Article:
*As CTO and Vice-President of Product Development at Neuralitic Systems, M. Tremblay headed the development of the company’s big data, DPI-based, mobile analytics platform as well as its intellectual property strategy. Prior to that, he occupied executive positions at Cilys, the pioneering wireless data optimization start-up acquired by Openwave Systems, and Sipro Lab Telecom/VoiceAge Corporation, as well as engineering management and product management positions at Openwave Systems.

M. Tremblay contributed to multiple pending patents related to DPI, PCRF analytics, classification of web content, classification of encrypted traffic and converged analytics. Marc is based in Montréal.

Sunday, April 29, 2012

Astellia Adds VoIP Monitoring from VOIPFUTURE

Astellia (see "Astellia's IP Probe" - here) and VOIPFUTURE (see "VOIPFUTURE Correlates VoIP Call Quality with Subscriber ID" - here) announced their partnership ".. to complete Astellia’s network monitoring solution for 2G, 3G and LTE networks with VOIPFUTURE’s offering. Astellia, forerunner in monitoring solutions for optimization of mobile network QoS and QoE, and VOIPFUTURE, the leading provider of voice quality monitoring in IP networks, combine their best of breed technology for a superior QoS and QoE solution"

VOIPFUTURE’s CEO Jan Bastian (pictured) said: “In joining forces, VOIPFUTURE and Astellia anticipate the strong demand of mobile operators for VoIP quality monitoring .. VOIPFUTURE and Astellia will give mobile operators the crucial data they need to control their network, secure service quality and optimize operations”.

See "Astellia and VOIPFUTURE join forces to provide VoIP monitoring for 3G and 4G networks" - here.

TechNavio: 33% CAGR for DPI Market (2011-15)

TechNavio (the research platform of Infiniti Research) forecasts that "the Global Deep Packet Inspection market to grow at a CAGR of 32.98 percent over the period 2011-2015 .. the report also discusses that lack of awareness of benefits of DPI remains a leading challenge to vendors".

The CAGR forecast is very similar Infonetics' numbers - 33.6% for 2011-16 ($470M to $2B here). Key vendors covered in-depth are SandvineCisco and Allot (according to Infonetics, Huawei led the DPI market in 2011).

"The influence of DPI technology is increasing in the network environment of service providers. They are integrating DPI technology in their network equipment. Service providers are using standalone DPI products for the core of the network and integrated DPI solutions for their access points to get maximum benefit from both types of DPI technology. Thus, network operators are using both types of DPI solutions for better network management”.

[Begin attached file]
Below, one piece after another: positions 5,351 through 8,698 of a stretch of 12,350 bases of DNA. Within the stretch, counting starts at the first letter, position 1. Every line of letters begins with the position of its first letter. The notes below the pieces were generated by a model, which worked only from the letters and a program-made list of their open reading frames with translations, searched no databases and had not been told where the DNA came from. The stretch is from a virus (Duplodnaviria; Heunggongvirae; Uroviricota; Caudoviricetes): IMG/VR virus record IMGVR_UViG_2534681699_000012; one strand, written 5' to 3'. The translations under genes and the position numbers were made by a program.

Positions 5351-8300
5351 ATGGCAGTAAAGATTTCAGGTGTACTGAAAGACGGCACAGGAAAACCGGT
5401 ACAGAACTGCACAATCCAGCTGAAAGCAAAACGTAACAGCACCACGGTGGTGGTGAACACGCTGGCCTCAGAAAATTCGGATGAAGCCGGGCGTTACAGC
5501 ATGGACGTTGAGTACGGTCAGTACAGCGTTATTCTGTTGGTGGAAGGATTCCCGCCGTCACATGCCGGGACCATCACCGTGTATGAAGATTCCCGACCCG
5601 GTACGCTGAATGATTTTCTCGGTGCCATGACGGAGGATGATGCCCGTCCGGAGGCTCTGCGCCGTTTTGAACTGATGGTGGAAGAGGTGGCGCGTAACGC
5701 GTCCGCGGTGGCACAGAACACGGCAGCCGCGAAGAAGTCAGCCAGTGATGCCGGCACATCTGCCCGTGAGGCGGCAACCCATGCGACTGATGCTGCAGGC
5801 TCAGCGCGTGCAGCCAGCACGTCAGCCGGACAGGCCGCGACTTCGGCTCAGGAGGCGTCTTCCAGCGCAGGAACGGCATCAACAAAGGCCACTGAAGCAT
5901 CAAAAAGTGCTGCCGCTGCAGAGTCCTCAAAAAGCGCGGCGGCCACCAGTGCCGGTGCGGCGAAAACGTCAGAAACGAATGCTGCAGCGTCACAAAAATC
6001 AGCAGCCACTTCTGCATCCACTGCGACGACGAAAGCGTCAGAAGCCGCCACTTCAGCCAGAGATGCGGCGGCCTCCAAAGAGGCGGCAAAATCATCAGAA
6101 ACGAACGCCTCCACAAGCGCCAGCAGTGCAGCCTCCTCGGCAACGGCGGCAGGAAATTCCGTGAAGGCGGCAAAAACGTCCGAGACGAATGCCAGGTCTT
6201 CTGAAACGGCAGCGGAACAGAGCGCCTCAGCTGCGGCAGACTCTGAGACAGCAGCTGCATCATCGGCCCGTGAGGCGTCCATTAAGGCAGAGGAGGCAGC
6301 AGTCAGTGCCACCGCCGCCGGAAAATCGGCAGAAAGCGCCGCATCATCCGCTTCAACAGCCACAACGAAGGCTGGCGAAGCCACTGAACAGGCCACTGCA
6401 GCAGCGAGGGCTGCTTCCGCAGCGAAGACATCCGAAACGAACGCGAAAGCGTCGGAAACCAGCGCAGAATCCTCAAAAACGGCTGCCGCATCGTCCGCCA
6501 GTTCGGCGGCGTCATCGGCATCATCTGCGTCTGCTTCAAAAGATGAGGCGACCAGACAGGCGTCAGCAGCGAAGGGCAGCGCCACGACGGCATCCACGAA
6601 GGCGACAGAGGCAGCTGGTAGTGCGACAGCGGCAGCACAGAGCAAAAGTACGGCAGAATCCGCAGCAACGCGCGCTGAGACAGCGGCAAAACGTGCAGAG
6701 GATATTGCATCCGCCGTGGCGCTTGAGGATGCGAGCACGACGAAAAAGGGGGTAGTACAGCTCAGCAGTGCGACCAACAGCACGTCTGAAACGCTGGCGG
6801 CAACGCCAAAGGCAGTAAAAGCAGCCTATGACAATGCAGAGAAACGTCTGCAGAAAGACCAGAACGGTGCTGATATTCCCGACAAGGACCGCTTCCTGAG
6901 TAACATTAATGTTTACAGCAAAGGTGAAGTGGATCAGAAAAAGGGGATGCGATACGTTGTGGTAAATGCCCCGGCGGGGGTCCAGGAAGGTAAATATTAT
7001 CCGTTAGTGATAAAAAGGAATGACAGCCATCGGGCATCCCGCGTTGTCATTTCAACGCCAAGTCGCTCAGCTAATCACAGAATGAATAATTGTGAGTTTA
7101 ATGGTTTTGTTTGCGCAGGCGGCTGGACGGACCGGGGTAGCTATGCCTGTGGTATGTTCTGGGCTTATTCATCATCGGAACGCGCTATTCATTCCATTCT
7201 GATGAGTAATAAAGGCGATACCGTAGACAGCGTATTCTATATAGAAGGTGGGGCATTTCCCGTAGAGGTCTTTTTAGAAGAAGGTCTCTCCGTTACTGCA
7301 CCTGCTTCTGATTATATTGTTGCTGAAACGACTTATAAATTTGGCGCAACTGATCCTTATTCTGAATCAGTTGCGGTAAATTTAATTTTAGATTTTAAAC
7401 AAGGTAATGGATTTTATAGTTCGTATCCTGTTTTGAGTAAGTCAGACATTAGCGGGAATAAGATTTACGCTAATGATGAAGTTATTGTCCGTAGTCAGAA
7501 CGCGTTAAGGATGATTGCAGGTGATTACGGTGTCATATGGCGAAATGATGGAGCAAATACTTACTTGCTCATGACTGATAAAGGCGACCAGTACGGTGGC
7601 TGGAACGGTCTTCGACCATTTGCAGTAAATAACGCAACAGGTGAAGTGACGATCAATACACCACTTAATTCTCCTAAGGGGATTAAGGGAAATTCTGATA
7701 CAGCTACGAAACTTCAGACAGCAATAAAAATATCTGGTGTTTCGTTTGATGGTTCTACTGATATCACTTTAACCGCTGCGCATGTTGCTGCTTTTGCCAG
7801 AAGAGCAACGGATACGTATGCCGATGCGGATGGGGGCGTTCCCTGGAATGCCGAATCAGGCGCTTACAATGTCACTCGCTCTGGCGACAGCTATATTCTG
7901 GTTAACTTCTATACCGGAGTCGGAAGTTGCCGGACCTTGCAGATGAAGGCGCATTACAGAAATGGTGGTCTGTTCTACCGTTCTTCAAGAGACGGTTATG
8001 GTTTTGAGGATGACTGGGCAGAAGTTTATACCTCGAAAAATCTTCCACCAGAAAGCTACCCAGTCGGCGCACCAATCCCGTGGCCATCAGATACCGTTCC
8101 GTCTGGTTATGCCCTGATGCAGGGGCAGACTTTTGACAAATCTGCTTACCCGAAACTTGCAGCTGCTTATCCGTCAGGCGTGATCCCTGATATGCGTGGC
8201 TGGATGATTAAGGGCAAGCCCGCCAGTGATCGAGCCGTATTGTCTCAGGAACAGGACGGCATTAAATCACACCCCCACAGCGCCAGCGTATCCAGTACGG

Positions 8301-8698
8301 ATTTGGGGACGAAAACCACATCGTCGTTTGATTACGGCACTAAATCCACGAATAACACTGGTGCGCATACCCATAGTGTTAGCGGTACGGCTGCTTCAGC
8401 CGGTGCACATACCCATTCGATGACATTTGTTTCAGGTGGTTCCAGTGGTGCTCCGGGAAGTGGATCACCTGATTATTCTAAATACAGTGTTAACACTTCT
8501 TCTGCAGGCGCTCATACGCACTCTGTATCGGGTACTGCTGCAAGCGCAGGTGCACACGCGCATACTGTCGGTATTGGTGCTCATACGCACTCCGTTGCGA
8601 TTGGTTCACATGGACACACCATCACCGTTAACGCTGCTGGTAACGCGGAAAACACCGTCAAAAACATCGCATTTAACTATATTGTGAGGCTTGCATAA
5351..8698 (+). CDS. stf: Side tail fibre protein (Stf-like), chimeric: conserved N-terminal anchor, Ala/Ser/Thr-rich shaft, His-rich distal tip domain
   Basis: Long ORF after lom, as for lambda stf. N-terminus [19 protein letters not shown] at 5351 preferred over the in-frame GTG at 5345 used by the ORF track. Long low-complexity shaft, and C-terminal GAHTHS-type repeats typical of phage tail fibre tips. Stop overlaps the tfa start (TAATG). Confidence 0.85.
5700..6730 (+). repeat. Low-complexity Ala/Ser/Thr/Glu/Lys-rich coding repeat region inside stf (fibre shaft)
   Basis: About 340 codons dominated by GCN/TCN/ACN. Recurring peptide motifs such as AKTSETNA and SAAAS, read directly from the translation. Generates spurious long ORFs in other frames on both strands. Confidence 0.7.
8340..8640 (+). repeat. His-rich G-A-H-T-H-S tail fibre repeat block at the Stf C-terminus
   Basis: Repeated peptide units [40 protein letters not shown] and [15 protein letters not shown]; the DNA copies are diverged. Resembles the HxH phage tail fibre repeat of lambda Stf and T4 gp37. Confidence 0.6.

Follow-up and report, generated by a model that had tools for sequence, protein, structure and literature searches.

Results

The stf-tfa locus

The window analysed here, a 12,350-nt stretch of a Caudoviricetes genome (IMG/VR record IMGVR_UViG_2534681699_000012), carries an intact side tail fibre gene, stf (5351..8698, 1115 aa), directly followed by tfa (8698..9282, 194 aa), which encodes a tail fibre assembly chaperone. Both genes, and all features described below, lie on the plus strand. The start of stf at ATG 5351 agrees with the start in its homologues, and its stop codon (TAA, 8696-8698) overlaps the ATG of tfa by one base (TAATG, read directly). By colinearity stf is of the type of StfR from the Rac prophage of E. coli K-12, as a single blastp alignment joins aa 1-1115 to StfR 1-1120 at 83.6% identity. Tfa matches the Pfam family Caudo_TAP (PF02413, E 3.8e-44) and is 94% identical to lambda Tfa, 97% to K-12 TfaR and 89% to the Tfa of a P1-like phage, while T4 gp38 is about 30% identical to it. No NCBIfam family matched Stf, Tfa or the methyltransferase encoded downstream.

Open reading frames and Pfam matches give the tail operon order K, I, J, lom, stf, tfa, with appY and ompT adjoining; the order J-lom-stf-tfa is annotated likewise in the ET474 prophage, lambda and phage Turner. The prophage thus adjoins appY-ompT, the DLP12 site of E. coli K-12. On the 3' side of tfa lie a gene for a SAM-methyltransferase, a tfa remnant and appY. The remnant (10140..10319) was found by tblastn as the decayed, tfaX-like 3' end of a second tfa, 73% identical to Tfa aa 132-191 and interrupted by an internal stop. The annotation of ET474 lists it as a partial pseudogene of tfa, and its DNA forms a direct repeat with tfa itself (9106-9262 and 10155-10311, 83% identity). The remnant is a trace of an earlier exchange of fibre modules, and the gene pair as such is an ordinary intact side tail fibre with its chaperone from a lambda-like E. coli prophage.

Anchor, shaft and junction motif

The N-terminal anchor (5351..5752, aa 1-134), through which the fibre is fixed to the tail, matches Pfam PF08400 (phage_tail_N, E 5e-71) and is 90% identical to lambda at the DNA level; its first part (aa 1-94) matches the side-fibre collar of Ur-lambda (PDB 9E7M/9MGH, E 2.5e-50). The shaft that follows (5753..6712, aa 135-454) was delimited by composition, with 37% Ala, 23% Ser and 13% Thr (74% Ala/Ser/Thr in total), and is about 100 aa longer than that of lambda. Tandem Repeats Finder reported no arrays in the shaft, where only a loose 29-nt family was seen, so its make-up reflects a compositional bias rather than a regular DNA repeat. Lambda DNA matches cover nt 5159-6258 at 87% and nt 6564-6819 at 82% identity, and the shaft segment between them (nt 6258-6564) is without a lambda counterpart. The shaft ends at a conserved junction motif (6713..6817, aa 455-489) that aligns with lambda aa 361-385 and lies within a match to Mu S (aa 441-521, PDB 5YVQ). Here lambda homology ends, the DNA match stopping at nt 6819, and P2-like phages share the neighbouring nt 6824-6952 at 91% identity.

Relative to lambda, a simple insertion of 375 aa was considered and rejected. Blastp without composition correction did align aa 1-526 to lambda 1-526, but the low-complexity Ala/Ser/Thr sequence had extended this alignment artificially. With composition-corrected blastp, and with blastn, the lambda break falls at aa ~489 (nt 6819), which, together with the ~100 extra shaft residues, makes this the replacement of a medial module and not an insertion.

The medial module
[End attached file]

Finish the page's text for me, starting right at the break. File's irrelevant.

See "Global Deep Packet Inspection Security Market 2011-2015"- here and "TechNavio Announces the Publication of its Report – Global Deep Packet Inspection Security Market 2011–2015" - here.

Saturday, April 28, 2012

Sandvine Presents: Mobile is also Audio and Messaging

See "Sandvine Report: Mobile Networks Teeming With Streaming" - here.

US Government - RFI for Threat Detection, DPI and Analytics

The US Department of State is "..  looking to refresh their Network-based Advanced Threat Detection (ATD) / Deep Packet Inspection & Analytics (DPIA) technologies that support their Defense in Depth architecture. The technology will be adjacent to current Intrusion Detection Systems (IDS) and other border protection technologies".
See "Request for Information (RFI) – Advanced Threat Protection / Deep Packet Inspection & Analytics (DPIA)" - here.

Friday, April 27, 2012

Monday's Guest Post: Can Application-level Authentication Replace DPI?

A new guest post will be published on Monday. In his article, "Packet Signing" my 17th guest, Marc Tremblay , will look into Application-level authentication, as an alternative to DPI.

"The need to attribute an identity to the traffic is an area that appears to be underserved by academics, commercial ventures and normalization groups. The concept is to attach a unique “license plate” at the Network layers, resulting in a unique Packet Signing that would enable the identification of the application that generated a given traffic flow. That traffic “license plate” would be eventually associated with an in-band or out-of-band “driver license”, enabling the effective authentication of the end-user or organization associated with a given traffic.", says Marc.

Stay tuned.

Guest posts are welcomed! Please send me a proposed subject, abstract and the author details.

TM Wins: US Tier1 Uses Radware to Manage DNS Traffic ($2M Deal)

Radware announced a ".. $2 million sale of its Alteon®10000 application delivery controller (ADC) to a leading Tier 1 telecommunications carrier in the United States. The telecom provider will deploy Radware's carrier-grade ADC in its network hubs across the U.S. as part of a major upgrade to its domain name system (DNS) application .. With Radware's Alteon 10000, the carrier has an advanced ADC platform delivering up to 80 Gbps of on-demand capacity for unparalleled application scalability, availability, reliability and performance".
See "Radware's Alteon 10000 Delivers the Capacity and Performance Needed to Help a U.S. Tier 1 Carrier Expand Its DNS Application" - here.

Diametriq (IntelliNet Technologies) Now Focused on Diameter Signaling

IntelliNet Technologies, one of the first companies to offer Diameter Signaling Routing, is now dedicated to the space.

The company, now named Diametriq announced that it ".. was launched today to focus on “Smart Signaling” solutions and meeting the ever increasing signaling traffic demands of 4G/LTE networks. The new company is derived from key assets including executive leadership, engineering, and technologies from IntelliNet Technologies, a wireless networks convergence company".

The Diameter Signaling Routing made an impressive progress in its short existence. Recent milestones were the acquisition of Traffix by F5 (here, and "F5 CEO Happy with Traffix" - here), significant deals for Tekelec (here, here, here) and new players (Ulticom, Alepo). My Diameter Router Product page (here) was updated accordingly.